Electronic cigarettes – are they save?

Electronic cigarettes are battery-operated devices that heat a liquid (usually but not always containing nicotine), turning it into a vapour that can be inhaled.  It comes in a variety of designs. Some are sold with filled cartridges, while others are designed so that users can add a solution that's purchased separately. The solutions typically contain vegetable glycerine or propylene glycol as the main ingredients, varying amounts of nicotine, flavourings and other additives.

Most e-cigarette manufacturers claim that their products are a safe alternative to conventional cigarettes. Because e-cigarettes don't burn tobacco, most experts agree that they're likely to cause fewer harmful effects than traditional cigarettes, but there's no scientific evidence that using e-cigarettes is safe.  Researchers have found that some e-cigarettes have nicotine amounts that are very different from what's on the label. Some flavouring agents and other additives have also been shown to be toxic.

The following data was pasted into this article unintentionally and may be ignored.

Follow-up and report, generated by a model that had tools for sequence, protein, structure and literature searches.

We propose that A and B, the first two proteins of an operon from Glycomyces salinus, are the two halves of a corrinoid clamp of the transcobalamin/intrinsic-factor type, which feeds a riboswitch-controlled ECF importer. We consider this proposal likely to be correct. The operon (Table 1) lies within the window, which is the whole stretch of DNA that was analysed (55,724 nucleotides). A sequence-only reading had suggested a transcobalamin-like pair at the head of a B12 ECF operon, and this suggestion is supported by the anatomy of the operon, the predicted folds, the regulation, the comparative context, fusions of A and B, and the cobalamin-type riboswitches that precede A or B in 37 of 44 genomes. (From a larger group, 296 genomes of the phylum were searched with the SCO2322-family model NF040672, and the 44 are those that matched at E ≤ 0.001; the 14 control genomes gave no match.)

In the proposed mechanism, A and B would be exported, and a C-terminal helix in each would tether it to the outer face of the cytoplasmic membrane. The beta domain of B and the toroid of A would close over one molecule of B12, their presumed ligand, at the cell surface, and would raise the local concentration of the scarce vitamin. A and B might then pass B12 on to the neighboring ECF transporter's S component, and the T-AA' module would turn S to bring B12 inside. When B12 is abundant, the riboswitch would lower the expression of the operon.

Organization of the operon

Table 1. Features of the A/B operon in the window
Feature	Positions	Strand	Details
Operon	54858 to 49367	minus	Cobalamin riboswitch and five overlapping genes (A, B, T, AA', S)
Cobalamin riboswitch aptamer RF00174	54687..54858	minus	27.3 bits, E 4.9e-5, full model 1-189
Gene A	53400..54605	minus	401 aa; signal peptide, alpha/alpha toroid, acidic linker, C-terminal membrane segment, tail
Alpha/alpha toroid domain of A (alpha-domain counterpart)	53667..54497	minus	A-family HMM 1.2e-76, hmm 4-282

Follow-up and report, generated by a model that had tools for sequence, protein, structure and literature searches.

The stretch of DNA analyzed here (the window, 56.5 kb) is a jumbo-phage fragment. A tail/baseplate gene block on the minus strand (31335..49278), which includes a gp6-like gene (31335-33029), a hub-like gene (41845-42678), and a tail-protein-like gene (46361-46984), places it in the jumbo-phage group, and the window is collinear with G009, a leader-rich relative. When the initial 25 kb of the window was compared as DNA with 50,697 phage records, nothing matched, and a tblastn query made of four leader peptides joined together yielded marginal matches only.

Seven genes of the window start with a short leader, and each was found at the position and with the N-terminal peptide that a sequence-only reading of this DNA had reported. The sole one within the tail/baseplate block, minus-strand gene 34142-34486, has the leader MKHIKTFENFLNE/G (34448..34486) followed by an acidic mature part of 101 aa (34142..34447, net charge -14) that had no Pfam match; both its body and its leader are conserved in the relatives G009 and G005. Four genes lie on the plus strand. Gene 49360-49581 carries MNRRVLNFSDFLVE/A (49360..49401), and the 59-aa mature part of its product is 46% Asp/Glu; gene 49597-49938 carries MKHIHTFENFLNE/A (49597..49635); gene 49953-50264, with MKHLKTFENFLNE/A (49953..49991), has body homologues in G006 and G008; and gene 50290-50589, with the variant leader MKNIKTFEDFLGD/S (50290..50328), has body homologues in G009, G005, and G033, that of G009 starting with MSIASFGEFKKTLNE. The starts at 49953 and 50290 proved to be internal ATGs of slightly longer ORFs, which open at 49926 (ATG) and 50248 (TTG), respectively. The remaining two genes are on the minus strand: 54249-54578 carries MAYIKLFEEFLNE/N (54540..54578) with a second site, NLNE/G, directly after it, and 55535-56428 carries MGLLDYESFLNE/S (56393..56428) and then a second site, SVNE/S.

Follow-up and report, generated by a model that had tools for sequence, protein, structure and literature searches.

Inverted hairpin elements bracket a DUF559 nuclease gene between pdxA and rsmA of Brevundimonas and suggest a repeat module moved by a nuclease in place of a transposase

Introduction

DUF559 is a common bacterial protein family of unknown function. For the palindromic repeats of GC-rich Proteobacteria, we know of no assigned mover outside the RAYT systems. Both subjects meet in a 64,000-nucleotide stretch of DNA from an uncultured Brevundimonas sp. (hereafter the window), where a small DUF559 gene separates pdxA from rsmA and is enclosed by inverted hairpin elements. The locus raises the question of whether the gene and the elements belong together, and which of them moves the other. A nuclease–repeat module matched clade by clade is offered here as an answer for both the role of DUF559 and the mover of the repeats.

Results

The long-term health effects of inhaling vegetable glycerine, propylene glycol and other additives are not known. 

Will e-cigarettes help me quit smoking?

Studies to test whether e-cigarettes can help people stop using tobacco have had inconsistent results. At best, e-cigarettes are no more effective than nicotine replacement medications in helping people quit.  Current evidence is insufficient to recommend electronic nicotine delivery systems for tobacco cessation in adults.

If you're looking for help to stop smoking, there are a number of approved medications that have been shown to be safe and effective for this purpose. A combination of medication and counselling has been shown to work best.  Speak to your general practitioner – help is just around the corner.

Source: Mayo Clinic

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